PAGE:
It is crunch time in the U.S. water sector. The irresistable force of growing water scarcity and crumbling underground infrastructure is meeting the immovable object of public finances. The policy response will determine what happens next.
Bruce Babbitt is the former United States Secretary of the Interior and Governor of Arizona.
Bill Bertera is the Executive Director of the Water Environment Federation.
Anne Castle was confirmed as Assistant Secretary for Water and Science on June 19, 2009. She was nominated by President Obama for the position on March 31, 2009. In this capacity, Castle oversees water and science policy and has responsibility for the U.S. Bureau of Reclamation and the U.S. Geological Survey.
George Hawkins, General Manager of the District of Columbia Water and Sewer Authority (DC Water), was named to the post in a unanimous vote September 3, 2009 by the board of directors. With an operating and capital budget of nearly $800 million dollars, DC Water provides drinking water delivery and wastewater collection and treatment for a population of more than 600,000 in the District of Columbia, as well as the millions of people who work in or visit the District. DC Water also treats wastewater for a population of 1.6 million in Montgomery and Prince George's counties in Maryland, and Fairfax and Loudoun counties in Virginia. The Authority operates the world's largest advanced wastewater treatment plant at Blue Plains, with a capacity of 370 million gallons per day and a peak daily capacity of more than a billion gallons. DC Water's service area covers 725 square miles.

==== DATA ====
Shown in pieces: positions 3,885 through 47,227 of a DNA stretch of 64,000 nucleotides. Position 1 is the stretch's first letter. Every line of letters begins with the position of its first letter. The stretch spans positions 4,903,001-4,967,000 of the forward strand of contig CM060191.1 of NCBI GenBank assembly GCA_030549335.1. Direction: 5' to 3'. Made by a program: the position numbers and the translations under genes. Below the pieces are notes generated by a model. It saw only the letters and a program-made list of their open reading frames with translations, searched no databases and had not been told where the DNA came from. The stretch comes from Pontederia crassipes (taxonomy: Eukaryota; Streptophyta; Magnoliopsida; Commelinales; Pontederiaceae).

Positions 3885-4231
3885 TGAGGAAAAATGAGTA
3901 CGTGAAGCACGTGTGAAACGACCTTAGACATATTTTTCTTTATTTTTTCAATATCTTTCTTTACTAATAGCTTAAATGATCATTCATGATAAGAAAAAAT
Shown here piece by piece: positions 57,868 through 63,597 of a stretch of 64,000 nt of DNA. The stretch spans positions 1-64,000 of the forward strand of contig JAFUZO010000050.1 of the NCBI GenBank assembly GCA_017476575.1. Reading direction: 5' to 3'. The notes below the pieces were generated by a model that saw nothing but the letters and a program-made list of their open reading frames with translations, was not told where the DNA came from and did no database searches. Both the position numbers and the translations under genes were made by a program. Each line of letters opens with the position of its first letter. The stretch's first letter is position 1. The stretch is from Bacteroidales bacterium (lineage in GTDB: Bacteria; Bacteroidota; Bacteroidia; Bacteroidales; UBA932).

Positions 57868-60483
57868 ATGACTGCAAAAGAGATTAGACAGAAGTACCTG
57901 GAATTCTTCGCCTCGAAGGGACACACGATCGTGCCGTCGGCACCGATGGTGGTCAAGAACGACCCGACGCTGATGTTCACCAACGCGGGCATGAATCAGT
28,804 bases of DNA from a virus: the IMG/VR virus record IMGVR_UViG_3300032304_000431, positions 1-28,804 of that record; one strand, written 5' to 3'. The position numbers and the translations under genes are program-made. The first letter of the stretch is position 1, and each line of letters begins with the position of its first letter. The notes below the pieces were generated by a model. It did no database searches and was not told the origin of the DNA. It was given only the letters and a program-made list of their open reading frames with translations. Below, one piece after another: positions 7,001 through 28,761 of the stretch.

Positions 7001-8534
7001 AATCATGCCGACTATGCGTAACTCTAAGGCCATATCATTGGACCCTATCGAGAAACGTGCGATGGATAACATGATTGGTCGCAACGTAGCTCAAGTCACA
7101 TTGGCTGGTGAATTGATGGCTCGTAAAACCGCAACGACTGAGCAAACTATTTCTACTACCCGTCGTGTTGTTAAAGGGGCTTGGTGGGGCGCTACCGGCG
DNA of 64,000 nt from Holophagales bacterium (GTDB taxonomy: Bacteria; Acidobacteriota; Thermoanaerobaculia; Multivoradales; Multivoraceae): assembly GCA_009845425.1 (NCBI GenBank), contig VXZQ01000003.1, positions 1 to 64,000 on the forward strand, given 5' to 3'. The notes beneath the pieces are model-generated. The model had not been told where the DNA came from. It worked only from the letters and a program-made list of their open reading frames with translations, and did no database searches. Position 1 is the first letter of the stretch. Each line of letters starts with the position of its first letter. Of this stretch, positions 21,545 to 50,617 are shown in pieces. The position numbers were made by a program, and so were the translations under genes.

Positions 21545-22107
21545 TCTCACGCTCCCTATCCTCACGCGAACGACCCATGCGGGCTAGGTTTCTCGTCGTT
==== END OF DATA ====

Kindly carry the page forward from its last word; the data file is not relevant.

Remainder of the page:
Robert F. Kennedy Jr.
Robert Francis Kennedy, Jr. is an attorney specializing in environmental law and was co-host of Ring of Fire on the Air America Radio network.
Robert F. Kennedy, Jr. describes how the coal industry illegally filled two thousand miles of U.S. waterways over the past 8 years while mountaintop mining in the Appalachian. After Kennedy successfully sued the companies involved in the practice, coal lobbyists promptly re-defined the meaning of the word "fill" in the Clean Water Act to allow the continuation of the practice.
Any of the entire range of natural waters (vapour, liquid, or solid) that occur on the Earth and that are of potential use to humans. These resources include the waters of the oceans, rivers, and lakes; groundwater and deep subsurface waters; and glaciers and permanent snowfields. Continuing increase in water use has led to growing concern over the availability and quality of water supplies.